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Dear MIT GOV/LAB Community,

As the year comes to a close, we are celebrating a year of learning and looking to what’s ahead. Check out the roundup of our top five stories from 2023

A convergence of governance and AI/ML 

We are excited about growing interest at the intersection of computer science, machine learning, and governance across a number of projects.

Professor Lily L. Tsai and Media Lab collaborator Professor Alex “Sandy” Pentland won an MIT seed grant to probe the social implications of generative artificial intelligence. Their project will evaluate the benefits and risks of AI-augmented social media platforms and technologies designed to overcome polarization, build trust, and enhance participation in an era of democratic backsliding. 

Luke Jordan, a 2021 MIT GOV/LAB practitioner-in-residence, recently published a working paper “Mind the Aid Effectiveness Gap” with the World Bank that highlights the importance of tailoring development projects to local contexts (check out the paper highlights). Last year, he shared takeaways from his residency on the potential for using AI/ML in civic and governance tech.

Lastly, one of our graduate research fellows, Jerik Cruz, is using machine learning tools to help build a large-scale database of government audits in the Philippines. Cruz has already used the data to identify transactions between local governments that may be associated with corruption, and other researchers may use the database in the future to study financial and accountability-related behavior. Jerik won the MIT Prize for Open Data for his project!  

Reinvigorating democracy through innovation

Next semester, MIT undergrads can take a new course called Democracy Makerspace Lab taught by Professor Tsai. The class encourages imaginative and resourceful thinking about the design of liberal democratic practices and institutions and what new technologies mean for democracy in a digital age. Students will learn about current and historical challenges to democracy and liberal governance, as well as some of the major opportunities and problems facing those working on technologies and AI tools for democratic revitalization.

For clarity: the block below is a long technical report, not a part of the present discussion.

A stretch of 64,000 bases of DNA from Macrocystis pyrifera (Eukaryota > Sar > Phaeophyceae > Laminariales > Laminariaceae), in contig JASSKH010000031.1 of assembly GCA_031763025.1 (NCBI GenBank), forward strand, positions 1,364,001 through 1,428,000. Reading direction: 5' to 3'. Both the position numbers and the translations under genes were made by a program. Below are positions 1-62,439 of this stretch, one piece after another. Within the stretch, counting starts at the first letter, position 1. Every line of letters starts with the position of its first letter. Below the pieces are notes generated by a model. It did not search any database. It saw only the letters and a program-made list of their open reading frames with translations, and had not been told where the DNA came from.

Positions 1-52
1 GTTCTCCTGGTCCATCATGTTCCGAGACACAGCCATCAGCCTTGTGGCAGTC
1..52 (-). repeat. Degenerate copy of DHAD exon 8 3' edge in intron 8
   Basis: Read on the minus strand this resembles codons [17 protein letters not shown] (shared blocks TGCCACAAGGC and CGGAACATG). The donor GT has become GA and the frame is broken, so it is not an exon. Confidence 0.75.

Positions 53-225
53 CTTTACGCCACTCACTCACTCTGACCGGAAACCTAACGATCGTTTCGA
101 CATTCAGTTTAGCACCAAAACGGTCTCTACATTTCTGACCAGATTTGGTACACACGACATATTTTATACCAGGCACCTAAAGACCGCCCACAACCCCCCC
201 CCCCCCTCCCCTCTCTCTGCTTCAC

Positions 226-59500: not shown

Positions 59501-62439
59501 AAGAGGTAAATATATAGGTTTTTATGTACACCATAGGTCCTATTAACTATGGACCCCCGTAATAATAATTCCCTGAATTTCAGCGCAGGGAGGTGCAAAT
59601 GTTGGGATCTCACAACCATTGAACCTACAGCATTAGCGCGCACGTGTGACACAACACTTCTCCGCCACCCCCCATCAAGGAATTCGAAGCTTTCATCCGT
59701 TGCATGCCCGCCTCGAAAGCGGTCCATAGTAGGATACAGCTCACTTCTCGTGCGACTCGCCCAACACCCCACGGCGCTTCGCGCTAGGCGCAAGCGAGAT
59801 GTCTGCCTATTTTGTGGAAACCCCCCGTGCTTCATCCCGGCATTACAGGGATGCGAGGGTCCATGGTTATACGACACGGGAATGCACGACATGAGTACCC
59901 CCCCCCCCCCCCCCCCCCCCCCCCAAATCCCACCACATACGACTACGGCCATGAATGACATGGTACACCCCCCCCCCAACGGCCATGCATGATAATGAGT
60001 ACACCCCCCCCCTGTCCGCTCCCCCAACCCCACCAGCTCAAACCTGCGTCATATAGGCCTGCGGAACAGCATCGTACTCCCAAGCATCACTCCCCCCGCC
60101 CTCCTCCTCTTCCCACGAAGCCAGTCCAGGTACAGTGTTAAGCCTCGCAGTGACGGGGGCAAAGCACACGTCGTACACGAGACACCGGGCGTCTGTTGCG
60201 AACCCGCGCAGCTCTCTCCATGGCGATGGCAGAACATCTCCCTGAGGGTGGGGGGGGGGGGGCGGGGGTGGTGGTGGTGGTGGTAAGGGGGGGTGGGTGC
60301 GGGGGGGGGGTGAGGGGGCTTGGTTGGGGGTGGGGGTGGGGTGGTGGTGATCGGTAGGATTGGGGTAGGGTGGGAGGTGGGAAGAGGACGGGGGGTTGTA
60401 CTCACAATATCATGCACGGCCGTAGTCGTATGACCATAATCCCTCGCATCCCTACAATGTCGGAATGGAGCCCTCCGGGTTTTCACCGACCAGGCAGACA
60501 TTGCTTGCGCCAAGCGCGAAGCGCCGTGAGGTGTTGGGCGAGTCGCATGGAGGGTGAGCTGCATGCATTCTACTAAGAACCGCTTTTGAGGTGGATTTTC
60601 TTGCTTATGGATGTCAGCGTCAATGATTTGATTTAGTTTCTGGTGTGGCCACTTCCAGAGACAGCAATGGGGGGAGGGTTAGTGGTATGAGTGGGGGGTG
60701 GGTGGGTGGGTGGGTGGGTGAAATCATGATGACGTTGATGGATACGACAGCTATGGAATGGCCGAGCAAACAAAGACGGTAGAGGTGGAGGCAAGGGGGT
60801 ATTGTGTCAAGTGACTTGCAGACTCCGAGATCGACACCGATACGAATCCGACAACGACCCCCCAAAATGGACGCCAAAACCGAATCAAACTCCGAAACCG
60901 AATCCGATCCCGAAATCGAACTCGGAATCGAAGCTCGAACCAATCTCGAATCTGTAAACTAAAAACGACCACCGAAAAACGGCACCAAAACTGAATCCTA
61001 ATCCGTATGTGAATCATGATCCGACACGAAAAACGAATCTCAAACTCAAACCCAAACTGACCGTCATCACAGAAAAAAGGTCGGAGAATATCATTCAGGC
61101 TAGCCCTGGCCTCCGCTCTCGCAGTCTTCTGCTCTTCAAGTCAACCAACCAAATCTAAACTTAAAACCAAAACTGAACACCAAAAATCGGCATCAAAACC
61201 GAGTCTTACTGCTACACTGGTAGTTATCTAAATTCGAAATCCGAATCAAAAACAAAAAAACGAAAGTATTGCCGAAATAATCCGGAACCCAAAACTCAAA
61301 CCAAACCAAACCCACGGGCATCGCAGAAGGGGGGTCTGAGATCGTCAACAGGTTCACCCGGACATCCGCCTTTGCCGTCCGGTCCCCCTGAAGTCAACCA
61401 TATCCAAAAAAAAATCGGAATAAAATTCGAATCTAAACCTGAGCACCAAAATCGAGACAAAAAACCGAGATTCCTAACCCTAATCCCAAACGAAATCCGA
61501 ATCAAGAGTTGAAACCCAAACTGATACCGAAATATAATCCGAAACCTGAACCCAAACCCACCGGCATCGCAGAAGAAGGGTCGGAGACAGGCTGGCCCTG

And there’s much to learn from our governance innovation work! We put out a learning series on Designing Governance Innovations in Resource-Constrained Settings where we document the challenges and opportunities of the innovation design process in Nigeria and Sierra Leone. Another student case study series explores how the public sector is innovating to become more accountable, transparent, and responsive to citizens. 

Our Power to the Who podcast highlights conversations with thought leaders in governance, reformers, public service leaders, technologists, and designers to shine a light on the visions, anecdotal mistakes, and eureka moments experienced on the path to innovating in? governance. Finally, check out these interesting Q&As on collaborative innovation with partners in Nigeria. 

Wishing everyone a Happy New Year!

Some additional updates below from work with collaborators and research affiliates:

  • Before you wreck yourself. Practitioner-in-residence Anisha Singh, previously at Busara, produced a guide to help researchers from around the world conduct more thoughtful behavioral science research in international development contexts. 
  • Graduate students in MIT News. Elizabeth Parker-Magyar finds close workplace networks among educators drive their activism even outside of democracies; Nicole Wilson explores the politics of a shifting middle class in Nigeria.
  • Meet Nat Rabb, our new technical associate. MIT GOV/LAB is excited to introduce the newest member of our team researching trust and governance. Learn more about his interest in the “community of knowledge” framework.

 Photo: Bruno Figueiredo/Unsplash